June 1, 2020

It might be time to tell my founder story…

It might be time to tell my founder story…

Like many investors, before I was an investor, I was a founder. Like many founders, I failed — spectacularly. Flag Analytics is the story of a lot of very early startups — poor founder-market (and founder-founder) fit, poor product-market fit, poor problem-market fit. We were not set up to be a unicorn success, from the start.

Unlike most investors and founders however, I was building a new type of early intervention system for police departments — software to help departments identify individual police officers at risk of committing just the sort of atrocities committed by Derek Chauvin in Minneapolis, Jason van Dyke in Chicago, and countless of other non-filmed incidents across our country for centuries.

The problem we set out to solve

is one that you see plastered across your screens today, and much of the last several years, and if you’re far too rare in the venture capital and startup space, that you’ve experienced in your own community since childhood. However, and you probably know this too — most officers are not at any risk of killing anyone. Take this analysis from 538 — over a 5 year period, 7,758 police officers in Chicago had at least one complaint against them. Chicago has about 12,000 officers, and if you assume a 14% attrition rate, that means there were about 19,000 officers employed in Chicago in that period of time. That means 60% of officers didn’t have a single complaint filed against them. Fewer than 9% of all officers in Chicago had 4+ complaints filed against them over 5 years. Derek Chauvin had 17 since 2001. Jason Van Dyke had 20 complaints over 17 years.[1] The private data I had from two large urban police departments backed this up. All departments have to do is identify these officers, and intervene early.[2]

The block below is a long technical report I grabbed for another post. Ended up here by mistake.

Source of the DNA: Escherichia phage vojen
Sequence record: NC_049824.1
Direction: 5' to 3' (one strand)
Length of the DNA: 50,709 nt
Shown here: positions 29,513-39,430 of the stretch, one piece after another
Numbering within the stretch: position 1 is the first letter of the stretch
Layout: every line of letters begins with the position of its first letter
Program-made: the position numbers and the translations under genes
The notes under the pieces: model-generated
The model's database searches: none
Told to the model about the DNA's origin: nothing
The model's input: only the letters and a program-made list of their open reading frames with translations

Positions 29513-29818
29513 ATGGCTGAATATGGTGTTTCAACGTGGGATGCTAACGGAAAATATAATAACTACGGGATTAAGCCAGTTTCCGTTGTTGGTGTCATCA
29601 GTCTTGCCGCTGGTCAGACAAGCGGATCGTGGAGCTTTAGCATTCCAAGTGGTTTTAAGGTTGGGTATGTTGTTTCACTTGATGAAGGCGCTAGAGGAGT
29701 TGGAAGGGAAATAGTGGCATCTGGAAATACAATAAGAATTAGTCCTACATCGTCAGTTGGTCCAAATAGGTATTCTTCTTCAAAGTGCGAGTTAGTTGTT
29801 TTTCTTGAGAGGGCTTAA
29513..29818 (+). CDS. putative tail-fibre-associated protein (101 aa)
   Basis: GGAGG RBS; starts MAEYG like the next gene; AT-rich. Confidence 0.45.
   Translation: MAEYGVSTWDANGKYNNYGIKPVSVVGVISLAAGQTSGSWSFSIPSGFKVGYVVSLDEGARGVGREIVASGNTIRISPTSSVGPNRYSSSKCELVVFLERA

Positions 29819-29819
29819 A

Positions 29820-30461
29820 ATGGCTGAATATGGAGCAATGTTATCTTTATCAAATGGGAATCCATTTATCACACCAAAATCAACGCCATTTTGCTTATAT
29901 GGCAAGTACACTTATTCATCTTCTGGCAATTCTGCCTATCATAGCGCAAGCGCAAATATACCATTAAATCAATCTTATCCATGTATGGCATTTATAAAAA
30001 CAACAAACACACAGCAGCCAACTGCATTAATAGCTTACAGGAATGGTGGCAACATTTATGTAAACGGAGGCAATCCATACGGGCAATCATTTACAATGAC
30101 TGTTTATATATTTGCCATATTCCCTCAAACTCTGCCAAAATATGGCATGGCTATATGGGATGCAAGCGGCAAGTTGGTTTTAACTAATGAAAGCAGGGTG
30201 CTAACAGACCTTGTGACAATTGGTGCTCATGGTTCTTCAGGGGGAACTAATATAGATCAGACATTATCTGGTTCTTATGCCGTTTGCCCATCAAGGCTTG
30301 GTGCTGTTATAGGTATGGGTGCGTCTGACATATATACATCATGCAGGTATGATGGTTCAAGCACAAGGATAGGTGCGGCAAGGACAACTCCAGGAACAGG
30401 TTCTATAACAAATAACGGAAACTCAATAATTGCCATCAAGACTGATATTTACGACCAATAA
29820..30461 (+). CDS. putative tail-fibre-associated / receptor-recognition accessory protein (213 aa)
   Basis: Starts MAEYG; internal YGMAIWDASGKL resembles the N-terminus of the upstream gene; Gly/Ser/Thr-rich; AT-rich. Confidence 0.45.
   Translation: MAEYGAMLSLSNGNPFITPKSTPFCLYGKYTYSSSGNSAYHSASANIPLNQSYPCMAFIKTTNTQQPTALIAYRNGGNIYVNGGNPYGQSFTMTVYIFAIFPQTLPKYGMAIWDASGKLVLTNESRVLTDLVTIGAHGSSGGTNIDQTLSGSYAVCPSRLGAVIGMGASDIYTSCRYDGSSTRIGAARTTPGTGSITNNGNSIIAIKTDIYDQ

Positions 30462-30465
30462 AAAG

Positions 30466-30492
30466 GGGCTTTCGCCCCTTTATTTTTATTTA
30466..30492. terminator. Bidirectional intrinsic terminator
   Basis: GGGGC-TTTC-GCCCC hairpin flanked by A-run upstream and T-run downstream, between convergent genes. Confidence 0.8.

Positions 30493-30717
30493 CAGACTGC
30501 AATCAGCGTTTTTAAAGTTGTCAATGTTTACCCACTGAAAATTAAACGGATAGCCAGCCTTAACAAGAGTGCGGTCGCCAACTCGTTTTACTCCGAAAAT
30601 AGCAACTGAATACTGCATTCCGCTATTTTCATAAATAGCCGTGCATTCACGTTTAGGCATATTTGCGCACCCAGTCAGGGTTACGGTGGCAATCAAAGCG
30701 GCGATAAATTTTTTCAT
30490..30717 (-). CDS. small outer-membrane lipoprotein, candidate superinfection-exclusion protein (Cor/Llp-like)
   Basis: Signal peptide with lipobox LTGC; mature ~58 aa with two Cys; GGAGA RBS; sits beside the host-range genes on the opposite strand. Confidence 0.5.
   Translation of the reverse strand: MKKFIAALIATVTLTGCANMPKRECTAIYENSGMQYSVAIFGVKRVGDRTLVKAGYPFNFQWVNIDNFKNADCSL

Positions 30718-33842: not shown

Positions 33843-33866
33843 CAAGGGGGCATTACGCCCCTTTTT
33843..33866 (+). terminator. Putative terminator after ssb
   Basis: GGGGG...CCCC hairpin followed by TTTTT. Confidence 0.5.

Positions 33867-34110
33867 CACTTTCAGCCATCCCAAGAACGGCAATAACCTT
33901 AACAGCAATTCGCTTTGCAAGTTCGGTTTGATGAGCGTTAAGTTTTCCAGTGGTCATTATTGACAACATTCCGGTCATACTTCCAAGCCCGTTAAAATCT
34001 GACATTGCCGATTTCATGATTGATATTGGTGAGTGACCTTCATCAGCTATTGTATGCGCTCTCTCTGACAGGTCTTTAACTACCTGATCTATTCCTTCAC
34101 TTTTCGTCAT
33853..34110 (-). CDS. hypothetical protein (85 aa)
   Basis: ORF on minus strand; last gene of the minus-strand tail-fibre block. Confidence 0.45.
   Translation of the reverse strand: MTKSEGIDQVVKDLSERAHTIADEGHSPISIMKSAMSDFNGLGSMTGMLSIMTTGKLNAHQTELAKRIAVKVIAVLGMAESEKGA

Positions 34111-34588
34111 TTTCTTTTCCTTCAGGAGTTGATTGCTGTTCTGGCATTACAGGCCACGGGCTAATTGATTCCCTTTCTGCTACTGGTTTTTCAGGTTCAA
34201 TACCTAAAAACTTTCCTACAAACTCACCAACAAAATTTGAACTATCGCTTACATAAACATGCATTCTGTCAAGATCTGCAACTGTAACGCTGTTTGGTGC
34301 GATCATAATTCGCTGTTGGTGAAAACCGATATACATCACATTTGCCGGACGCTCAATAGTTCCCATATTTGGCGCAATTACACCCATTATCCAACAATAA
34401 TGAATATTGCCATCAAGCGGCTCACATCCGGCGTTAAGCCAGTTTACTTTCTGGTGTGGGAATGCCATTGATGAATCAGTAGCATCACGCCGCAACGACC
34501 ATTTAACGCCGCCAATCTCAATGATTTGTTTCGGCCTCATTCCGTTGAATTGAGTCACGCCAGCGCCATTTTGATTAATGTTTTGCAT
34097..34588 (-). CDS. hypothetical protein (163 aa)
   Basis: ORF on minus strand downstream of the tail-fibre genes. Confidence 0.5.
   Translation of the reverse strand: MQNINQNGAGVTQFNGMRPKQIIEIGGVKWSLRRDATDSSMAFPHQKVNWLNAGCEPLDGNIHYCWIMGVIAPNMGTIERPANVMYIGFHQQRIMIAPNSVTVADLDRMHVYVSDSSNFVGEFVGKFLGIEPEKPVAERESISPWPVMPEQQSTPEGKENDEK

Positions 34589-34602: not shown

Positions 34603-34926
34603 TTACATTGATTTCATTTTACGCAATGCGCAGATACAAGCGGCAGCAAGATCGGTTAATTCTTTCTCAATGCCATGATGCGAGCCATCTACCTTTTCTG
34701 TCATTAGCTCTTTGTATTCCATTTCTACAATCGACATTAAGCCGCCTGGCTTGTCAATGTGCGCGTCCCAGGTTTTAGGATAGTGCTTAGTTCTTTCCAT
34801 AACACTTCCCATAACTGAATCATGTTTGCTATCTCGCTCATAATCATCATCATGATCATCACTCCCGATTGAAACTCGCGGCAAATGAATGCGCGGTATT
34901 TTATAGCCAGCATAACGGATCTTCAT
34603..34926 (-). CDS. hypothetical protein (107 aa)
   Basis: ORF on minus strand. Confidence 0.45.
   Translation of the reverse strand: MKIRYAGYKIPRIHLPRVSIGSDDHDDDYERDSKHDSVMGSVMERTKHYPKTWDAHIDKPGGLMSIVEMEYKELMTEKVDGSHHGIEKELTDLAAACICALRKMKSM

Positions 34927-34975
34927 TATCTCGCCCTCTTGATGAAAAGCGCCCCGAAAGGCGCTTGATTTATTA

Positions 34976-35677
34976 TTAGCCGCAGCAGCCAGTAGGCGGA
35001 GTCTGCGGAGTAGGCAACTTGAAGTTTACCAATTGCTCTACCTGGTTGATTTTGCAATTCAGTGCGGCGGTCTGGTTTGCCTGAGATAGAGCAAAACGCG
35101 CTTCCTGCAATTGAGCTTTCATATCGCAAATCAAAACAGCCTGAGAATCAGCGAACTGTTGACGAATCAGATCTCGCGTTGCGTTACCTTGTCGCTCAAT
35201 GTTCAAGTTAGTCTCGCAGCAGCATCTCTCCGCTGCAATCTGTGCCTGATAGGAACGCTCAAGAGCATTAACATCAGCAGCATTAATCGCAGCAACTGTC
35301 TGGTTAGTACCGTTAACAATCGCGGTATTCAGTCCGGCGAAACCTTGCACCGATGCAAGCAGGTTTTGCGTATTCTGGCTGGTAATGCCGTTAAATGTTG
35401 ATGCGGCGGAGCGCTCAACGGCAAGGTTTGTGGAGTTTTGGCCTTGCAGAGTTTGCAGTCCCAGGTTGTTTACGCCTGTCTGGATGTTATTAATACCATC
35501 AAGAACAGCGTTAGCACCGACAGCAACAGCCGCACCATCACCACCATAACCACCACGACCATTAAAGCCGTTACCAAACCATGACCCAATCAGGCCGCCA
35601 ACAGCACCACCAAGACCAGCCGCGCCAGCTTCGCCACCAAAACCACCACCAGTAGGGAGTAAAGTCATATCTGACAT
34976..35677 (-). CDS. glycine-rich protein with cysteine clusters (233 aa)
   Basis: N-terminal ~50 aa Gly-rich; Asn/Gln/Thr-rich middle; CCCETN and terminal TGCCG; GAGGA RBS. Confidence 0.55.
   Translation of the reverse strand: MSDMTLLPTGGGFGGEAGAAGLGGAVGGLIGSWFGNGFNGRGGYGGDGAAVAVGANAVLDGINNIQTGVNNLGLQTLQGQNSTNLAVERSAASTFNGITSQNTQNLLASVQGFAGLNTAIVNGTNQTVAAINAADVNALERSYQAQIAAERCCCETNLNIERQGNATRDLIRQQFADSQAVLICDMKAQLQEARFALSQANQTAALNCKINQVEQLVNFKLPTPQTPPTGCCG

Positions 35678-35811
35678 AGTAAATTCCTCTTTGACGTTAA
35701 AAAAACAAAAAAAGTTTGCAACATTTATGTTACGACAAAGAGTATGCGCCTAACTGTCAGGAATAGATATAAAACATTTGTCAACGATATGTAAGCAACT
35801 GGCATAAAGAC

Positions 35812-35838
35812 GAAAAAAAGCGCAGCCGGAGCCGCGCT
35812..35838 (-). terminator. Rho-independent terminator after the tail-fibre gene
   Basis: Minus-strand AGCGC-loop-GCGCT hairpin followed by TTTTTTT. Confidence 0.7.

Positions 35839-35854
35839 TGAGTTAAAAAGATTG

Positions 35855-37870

Where we failed at product-market fit

was that we tried to use machine learning and other forms of advanced analytics to find these officers. I get pitches all the time from companies with this same fatal flaw — don’t use a neural network when a Tableau dashboard will do. It is not at all hard to figure out that an officer who has a lot of complaints in the past will probably get more complaints in the future. They will probably have the same kind of complaint — it’s not at all surprising that Derek Chauvin has two previous use of force lawsuits on his record, and you don’t need AI to tell you that he would be much more likely than the average cop to have a third problem. However — we learned during customer discovery that most police departments didn’t even have an easy-to-view dashboard where they could quickly and easily see which officers did have more complaints than their peers (normalized to things like activity level and community), so the Chief of Police couldn’t easily evaluate, even at a surface level, who she needed to intervene with. One central office partner we worked with was blown away by just getting a simple dashboard — something most startup folks would take for granted. Machine learning — expensive, difficult, hard to hire for. SQL and Tableau? Cheap, easy, lots of talent.

But there was still a problem-market fit problem.